Detection dogs are an exciting new tool in conservation biology.  Dogs have proven their usefulness at finding things that we can’t.  The purpose of my research is to compare conservation detection dogs with current methods of detection.  With the Conservation Ecology Centre I will be evaluating the performance of volunteers from the tiger quoll detection dog program.  I will compare this to current methods such as motion cameras and live trapping and look at the costs and benefits of each method.  The key outcomes I hope to achieve from my study are:

  • An understanding of the costs and benefits of deploying dogs for conservation
  • A good idea of the pros and cons of different survey methods and how they relate to the objectives of the project
  • How dogs compare with the other tools we have on our belt
  • A nice glossy flow chart with key decision making steps to assist project managers with the decision to engage detection dogs for their rare species program.


How do environmental gradients influence the distribution and composition of ground-dwelling mammals in the Otways?

Louise Falls, La Trobe University

In order to conserve species, particularly critical weight range mammals still found in the Otways such as the Long-nosed Potoroo, an understanding of their habitat requirements is vital. This project set out to answer several key questions about the distribution of ground-dwelling mammals in the Otways, particularly the influence of elevation on native mammal communities and the relative importance of fine-scale and broad scale environmental factors in determining their distribution. 60 sites distributed across an elevational gradient and a range of vegetation classes were surveyed using remote sensing cameras and conventional vegetation structure survey techniques with statistical analysis being undertaken at both a broad and fine-scale. Key findings include the higher turn-over of mammal species at lower elevations and the relatively high influence of elevation in determining distribution at the species level. These findings have implications for the scale at which conservation of ground-dwelling mammals is undertaken in the Otways.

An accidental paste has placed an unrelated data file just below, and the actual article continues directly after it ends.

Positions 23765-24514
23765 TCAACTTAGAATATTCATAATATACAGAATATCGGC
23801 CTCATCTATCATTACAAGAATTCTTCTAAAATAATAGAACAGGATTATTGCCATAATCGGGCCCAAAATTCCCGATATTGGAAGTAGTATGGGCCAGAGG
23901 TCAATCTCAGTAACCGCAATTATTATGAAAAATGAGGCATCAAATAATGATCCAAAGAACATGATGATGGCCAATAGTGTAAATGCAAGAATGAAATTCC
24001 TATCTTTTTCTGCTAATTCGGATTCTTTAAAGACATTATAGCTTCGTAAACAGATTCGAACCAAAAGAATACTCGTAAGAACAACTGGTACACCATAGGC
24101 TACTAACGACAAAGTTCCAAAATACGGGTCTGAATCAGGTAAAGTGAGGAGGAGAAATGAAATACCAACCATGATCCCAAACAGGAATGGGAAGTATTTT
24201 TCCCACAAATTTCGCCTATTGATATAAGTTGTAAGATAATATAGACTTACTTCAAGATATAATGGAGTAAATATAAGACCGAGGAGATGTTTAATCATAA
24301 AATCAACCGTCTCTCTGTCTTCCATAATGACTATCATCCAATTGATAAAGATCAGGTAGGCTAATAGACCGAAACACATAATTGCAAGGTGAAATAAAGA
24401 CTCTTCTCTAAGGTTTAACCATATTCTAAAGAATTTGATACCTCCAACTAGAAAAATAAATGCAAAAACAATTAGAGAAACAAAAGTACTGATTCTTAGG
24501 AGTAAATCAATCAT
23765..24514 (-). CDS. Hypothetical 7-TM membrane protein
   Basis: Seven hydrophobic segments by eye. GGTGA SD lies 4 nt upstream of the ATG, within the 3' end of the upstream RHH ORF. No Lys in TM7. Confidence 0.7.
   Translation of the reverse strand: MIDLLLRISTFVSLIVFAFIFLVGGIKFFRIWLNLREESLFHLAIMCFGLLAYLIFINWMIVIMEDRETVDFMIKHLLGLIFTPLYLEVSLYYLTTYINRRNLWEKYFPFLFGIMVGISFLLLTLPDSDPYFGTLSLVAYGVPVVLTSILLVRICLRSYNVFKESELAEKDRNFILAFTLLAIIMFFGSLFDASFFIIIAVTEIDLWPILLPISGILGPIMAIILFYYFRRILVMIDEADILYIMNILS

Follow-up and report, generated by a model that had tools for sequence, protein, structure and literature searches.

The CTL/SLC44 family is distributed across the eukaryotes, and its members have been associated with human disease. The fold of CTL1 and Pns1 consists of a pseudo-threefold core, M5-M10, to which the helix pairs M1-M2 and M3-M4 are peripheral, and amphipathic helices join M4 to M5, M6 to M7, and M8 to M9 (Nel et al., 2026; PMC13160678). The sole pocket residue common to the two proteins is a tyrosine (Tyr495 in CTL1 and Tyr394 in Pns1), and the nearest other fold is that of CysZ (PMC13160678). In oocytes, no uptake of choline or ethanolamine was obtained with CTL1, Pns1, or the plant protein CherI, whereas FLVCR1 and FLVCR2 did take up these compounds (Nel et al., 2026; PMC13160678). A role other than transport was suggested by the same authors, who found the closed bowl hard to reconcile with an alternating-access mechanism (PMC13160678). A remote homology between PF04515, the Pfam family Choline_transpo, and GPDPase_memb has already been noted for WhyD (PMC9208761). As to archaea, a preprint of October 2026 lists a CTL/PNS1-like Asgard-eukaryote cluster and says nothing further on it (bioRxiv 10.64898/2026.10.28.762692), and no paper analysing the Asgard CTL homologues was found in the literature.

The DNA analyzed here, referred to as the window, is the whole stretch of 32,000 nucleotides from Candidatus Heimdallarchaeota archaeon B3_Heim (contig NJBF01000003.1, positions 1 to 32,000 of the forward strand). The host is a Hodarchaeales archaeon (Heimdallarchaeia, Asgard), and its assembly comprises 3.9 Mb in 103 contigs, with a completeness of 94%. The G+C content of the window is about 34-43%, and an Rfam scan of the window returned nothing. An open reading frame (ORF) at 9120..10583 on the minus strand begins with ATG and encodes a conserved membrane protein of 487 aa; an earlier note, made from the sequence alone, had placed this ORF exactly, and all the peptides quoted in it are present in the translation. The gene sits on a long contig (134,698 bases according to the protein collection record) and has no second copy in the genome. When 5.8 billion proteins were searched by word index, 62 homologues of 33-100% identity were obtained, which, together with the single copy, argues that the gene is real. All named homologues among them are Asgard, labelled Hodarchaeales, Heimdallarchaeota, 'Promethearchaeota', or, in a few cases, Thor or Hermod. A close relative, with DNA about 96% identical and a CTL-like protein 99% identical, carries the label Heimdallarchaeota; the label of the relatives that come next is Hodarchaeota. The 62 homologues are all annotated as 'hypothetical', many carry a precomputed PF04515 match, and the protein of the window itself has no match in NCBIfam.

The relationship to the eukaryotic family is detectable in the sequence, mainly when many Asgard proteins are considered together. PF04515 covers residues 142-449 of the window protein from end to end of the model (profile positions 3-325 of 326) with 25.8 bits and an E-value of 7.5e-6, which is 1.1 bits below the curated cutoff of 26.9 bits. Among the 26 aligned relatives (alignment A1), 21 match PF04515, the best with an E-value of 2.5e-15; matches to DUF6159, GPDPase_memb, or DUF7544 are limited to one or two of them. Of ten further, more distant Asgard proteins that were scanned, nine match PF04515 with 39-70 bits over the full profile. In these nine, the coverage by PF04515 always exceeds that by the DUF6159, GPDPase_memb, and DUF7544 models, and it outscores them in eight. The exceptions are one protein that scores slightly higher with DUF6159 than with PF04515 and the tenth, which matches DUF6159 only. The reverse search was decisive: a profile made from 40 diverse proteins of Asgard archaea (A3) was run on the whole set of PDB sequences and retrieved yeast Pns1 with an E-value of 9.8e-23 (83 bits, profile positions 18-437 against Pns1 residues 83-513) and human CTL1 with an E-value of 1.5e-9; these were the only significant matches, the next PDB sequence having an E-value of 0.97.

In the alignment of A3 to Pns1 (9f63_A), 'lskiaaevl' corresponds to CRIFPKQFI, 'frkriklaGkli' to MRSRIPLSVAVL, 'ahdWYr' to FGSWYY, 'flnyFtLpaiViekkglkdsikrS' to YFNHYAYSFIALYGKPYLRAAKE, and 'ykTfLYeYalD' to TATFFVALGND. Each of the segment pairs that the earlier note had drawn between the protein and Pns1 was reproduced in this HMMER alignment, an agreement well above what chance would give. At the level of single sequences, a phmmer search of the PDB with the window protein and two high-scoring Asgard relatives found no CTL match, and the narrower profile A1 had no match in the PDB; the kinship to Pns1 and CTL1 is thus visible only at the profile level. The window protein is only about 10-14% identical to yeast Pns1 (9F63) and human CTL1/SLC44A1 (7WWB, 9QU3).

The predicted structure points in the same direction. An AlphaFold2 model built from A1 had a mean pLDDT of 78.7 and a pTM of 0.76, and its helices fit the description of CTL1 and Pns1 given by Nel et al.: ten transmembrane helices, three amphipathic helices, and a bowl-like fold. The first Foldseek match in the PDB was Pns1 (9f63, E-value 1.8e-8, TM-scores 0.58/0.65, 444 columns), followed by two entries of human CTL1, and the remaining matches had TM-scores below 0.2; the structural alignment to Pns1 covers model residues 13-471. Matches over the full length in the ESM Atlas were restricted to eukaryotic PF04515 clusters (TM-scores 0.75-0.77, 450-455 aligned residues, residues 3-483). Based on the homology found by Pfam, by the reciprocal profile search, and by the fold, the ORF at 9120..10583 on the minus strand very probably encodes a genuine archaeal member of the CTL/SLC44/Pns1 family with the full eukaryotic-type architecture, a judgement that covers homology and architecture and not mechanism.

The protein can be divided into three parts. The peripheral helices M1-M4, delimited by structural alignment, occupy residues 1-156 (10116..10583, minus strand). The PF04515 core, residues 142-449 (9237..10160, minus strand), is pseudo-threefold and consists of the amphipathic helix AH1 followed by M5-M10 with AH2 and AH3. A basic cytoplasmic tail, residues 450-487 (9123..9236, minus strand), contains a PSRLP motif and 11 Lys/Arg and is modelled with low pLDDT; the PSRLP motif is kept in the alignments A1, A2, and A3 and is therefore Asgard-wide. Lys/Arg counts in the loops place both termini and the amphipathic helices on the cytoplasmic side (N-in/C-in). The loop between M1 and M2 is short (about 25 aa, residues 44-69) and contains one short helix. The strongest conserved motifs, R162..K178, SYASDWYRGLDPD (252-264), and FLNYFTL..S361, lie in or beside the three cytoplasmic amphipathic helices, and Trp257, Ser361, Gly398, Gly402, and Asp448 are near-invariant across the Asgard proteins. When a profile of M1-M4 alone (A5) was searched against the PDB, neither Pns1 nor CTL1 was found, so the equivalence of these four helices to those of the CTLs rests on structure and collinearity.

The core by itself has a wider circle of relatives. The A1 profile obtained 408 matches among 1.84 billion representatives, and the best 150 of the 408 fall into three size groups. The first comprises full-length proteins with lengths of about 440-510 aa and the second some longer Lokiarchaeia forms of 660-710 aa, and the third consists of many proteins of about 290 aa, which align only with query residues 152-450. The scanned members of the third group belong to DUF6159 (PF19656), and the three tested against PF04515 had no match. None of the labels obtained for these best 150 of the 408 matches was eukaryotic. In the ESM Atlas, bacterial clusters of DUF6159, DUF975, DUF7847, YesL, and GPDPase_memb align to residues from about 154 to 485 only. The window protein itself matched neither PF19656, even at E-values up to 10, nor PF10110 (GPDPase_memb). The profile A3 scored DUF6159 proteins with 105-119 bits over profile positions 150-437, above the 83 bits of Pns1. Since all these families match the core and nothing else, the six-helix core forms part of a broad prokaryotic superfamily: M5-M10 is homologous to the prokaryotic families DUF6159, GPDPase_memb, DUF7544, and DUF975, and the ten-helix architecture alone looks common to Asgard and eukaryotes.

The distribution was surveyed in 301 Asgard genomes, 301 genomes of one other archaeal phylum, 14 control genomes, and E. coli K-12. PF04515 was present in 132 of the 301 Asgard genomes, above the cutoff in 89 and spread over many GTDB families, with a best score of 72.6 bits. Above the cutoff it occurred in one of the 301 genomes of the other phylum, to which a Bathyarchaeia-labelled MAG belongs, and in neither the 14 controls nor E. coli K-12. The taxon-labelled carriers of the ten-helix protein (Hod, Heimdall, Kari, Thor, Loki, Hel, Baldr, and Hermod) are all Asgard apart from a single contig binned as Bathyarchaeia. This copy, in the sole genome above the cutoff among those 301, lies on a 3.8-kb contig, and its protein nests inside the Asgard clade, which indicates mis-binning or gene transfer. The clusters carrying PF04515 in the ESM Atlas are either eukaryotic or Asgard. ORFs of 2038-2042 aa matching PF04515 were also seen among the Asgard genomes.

Modelling changes in abundance of threatened fauna

Mick Baker, Department of Environment Land, Water and Planning

  • DELWP has the challenging task of managing for two competing objectives: Biodiversity and Life and Property
  • In the Otways, we use a combination of Species’ Habitat Distribution Models, time since fire, and species’ response to fire, to predict changes in abundance of fauna across different fuel management strategies
  • The Swamp Antechinus in the Anglesea Heath  is one species that is impacted by our selected fuel management strategy
  • The species requires older heath (20+ years).  To avoid impacts on this species would mean to avoid burning in its habitat, which increases risk to life and property to an unacceptable level
  • To achieve a balanced outcome, we carried out a Strategic Bushfire Risk Assessment and Strategy Selection process  to evaluate trade-offs across values
  • We now use monitoring results and research to help validate our models and to inform decision-making


Where do they live? New models of ground-dwelling mammal distributions for conservation and research

Dr Matt Swann, University of Melbourne

Computer models are being developed by Matt Swan and colleagues at the University of Melbourne in collaboration with the conservation Ecology Centre to help us predict which areas of habitat will be suitable for the range of threatened species in the Otways – so we know where to look for them, and what habitat we need to protect.


Fire Response of Anglesea Grevillea

Rebecca Wray, Department of Environment Land, Water and Planning

The Anglesea grevillea fire response project aims to monitor the effect of fire on adult survival rate and sucker survival rate. We are curious about the percentage of adult mortality rate, fire intensity and time since fire. The Anglesea grevillea is a rare endemic species found only in the Anglesea Aireys Inlet area, and only reproduces vegetatively. . It has low genetic diversity and is subject to a modified more frequent fire regime. The long term study aims to monitor the effect of fire on this already threatened species in order to inform future fire management activities for the conservation of the species.


Genetic identification of Grevillea infecunda clones to assist in conservation management

Elizabeth James, Royal Botanical Gardens Victoria

The phenomenal Anglesea Grevillia is a species which is only found in the Otways. This beautiful plant is pretty special as it is, in fact, a collection of clones which have lost the ability to reproduce sexually. So the Botanic Gardens, DEWLP, and local volunteers are working together to increase our understanding of the species in the hope we can help it survive a little longer.


Otway Pterostylis cucullata genetic diversity and associated fungi

Katrina Marie Thomas, Victoria University
Katrina is investigating the Leafy Greenhood Orchid at Cape Otway. In order to conserve the species Katrina is using genetics to identify the number of individuals in a population, and how to isolate the fungi species the orchid requires to facilitate germination. This work could help us to transplant the species into other suitable habits.